Canto sat in jail for 10 months in two states — at taxpayer expense — going through proceedings he could not understand or meaningfully participate in. After all that time shackled and shuffled from jail cell to courtroom and back again, there was no closure in Canto's case; he has neither a grant of permission to remain in the country nor an order requiring his removal. In a system in which the most vulnerable are left without lawyers, nobody wins — not immigrants and their families, not taxpayers and not the government.
Back in Trinity Park, the kids and couples are turning toward their Friday evening plans, and the regulars are heading north to the shelters of skid row. "Miguel?" says the man with the clouded yellow eyes. "The name sounds familiar, but I — I don't know. Maybe a different park?"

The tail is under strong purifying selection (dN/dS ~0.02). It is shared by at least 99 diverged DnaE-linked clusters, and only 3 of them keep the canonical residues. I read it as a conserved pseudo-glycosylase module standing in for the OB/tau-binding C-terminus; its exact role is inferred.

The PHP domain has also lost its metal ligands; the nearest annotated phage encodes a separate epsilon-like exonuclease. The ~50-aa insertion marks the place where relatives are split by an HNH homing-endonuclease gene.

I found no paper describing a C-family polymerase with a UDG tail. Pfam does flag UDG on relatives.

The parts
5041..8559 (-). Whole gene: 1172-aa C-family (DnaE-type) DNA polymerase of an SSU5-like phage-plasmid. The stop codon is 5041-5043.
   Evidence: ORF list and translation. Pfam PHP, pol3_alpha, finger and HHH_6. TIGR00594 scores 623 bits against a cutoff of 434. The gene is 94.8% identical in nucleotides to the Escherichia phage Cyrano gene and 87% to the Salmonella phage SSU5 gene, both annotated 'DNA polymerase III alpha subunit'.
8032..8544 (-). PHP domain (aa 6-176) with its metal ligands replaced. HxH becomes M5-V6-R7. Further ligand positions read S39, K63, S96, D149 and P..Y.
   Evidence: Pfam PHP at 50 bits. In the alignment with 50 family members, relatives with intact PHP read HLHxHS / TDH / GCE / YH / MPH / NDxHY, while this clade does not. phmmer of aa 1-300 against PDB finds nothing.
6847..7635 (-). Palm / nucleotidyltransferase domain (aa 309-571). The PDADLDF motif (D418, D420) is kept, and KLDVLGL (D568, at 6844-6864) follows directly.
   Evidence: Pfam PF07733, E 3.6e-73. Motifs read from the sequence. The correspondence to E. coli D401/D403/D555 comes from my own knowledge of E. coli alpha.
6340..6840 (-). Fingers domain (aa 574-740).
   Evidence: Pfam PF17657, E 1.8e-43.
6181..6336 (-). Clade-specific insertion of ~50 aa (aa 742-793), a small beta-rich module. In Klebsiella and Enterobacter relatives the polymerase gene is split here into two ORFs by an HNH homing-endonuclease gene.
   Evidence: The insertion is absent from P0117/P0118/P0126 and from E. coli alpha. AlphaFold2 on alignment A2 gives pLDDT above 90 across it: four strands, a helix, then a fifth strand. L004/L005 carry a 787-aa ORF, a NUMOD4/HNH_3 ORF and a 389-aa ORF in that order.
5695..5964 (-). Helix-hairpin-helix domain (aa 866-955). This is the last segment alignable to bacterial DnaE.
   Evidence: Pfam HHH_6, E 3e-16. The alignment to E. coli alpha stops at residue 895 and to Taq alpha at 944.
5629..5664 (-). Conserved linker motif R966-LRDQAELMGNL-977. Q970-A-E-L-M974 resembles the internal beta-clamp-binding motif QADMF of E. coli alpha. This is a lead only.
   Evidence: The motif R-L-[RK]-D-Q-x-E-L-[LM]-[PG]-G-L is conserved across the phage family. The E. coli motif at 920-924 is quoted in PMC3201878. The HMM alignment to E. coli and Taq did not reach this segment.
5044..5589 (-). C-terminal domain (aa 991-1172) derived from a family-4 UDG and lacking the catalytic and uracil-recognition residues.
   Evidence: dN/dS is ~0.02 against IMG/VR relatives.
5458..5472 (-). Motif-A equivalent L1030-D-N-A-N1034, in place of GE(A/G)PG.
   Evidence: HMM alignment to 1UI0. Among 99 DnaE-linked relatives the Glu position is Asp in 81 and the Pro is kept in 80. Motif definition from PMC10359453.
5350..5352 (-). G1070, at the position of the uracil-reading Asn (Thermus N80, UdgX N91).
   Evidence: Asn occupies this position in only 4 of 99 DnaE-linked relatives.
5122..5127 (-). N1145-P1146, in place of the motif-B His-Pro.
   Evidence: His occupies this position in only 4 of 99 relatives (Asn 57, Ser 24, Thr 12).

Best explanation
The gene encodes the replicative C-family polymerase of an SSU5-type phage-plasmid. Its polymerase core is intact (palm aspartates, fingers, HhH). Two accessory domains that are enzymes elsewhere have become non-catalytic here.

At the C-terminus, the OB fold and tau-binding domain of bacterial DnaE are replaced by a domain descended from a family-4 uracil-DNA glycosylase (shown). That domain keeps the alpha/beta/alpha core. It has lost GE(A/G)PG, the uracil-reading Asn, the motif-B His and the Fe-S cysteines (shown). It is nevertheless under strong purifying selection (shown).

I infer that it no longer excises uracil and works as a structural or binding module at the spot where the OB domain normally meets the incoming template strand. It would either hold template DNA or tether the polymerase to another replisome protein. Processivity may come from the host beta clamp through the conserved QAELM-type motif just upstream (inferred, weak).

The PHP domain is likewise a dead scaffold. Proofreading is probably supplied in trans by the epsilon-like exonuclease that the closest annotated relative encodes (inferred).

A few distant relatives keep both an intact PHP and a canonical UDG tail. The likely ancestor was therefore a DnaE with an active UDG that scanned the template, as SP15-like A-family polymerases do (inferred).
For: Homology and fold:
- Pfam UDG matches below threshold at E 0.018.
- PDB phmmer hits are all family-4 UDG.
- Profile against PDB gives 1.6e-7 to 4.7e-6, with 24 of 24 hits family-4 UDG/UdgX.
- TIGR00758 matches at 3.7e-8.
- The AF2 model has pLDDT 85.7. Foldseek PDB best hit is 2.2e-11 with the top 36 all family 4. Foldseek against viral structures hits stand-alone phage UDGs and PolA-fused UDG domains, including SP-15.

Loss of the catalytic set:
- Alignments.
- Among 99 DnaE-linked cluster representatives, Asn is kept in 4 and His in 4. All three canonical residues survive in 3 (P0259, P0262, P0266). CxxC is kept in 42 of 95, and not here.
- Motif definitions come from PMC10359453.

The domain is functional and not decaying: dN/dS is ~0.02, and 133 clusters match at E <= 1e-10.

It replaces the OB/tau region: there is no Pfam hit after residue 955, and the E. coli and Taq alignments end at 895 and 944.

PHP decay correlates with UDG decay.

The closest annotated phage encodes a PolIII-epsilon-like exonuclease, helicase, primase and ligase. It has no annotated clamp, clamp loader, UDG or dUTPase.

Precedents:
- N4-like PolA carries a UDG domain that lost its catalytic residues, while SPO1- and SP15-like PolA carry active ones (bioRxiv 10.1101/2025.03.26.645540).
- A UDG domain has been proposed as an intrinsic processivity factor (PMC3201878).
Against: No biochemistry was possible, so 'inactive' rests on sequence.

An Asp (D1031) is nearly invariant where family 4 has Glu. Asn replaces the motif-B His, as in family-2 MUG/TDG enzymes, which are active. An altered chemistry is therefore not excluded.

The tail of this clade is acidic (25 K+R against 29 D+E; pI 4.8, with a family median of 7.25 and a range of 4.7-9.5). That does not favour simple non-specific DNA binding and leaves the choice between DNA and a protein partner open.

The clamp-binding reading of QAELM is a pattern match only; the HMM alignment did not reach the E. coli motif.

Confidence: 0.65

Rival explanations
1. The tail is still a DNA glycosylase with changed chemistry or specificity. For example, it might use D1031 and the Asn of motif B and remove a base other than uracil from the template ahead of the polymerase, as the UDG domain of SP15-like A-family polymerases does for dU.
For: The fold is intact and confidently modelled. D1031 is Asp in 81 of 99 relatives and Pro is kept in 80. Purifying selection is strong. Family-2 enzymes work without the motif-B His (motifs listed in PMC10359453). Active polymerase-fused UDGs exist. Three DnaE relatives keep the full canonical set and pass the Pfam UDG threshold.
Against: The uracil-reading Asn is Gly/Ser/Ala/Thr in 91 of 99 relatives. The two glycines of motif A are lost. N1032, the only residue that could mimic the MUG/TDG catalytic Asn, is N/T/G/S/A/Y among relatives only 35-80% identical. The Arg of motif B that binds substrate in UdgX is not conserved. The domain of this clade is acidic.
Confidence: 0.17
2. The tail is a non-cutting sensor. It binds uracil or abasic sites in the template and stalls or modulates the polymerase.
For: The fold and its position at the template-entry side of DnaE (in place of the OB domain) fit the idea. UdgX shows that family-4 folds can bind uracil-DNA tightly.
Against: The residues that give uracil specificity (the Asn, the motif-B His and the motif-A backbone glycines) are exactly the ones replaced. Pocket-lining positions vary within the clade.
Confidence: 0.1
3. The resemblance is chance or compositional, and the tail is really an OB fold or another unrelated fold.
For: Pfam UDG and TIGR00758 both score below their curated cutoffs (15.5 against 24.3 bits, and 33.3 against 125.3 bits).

Talia Inlender is a staff attorney at Public Counsel in Los Angeles. She is part of a team, which includes the ACLU, the law firm of Sullivan Cromwell and immigrants' rights and mental health organizations, litigating Franco-Gonzalez vs. Holder, a class-action lawsuit seeking appointment of counsel for immigration detainees with severe mental disabilities.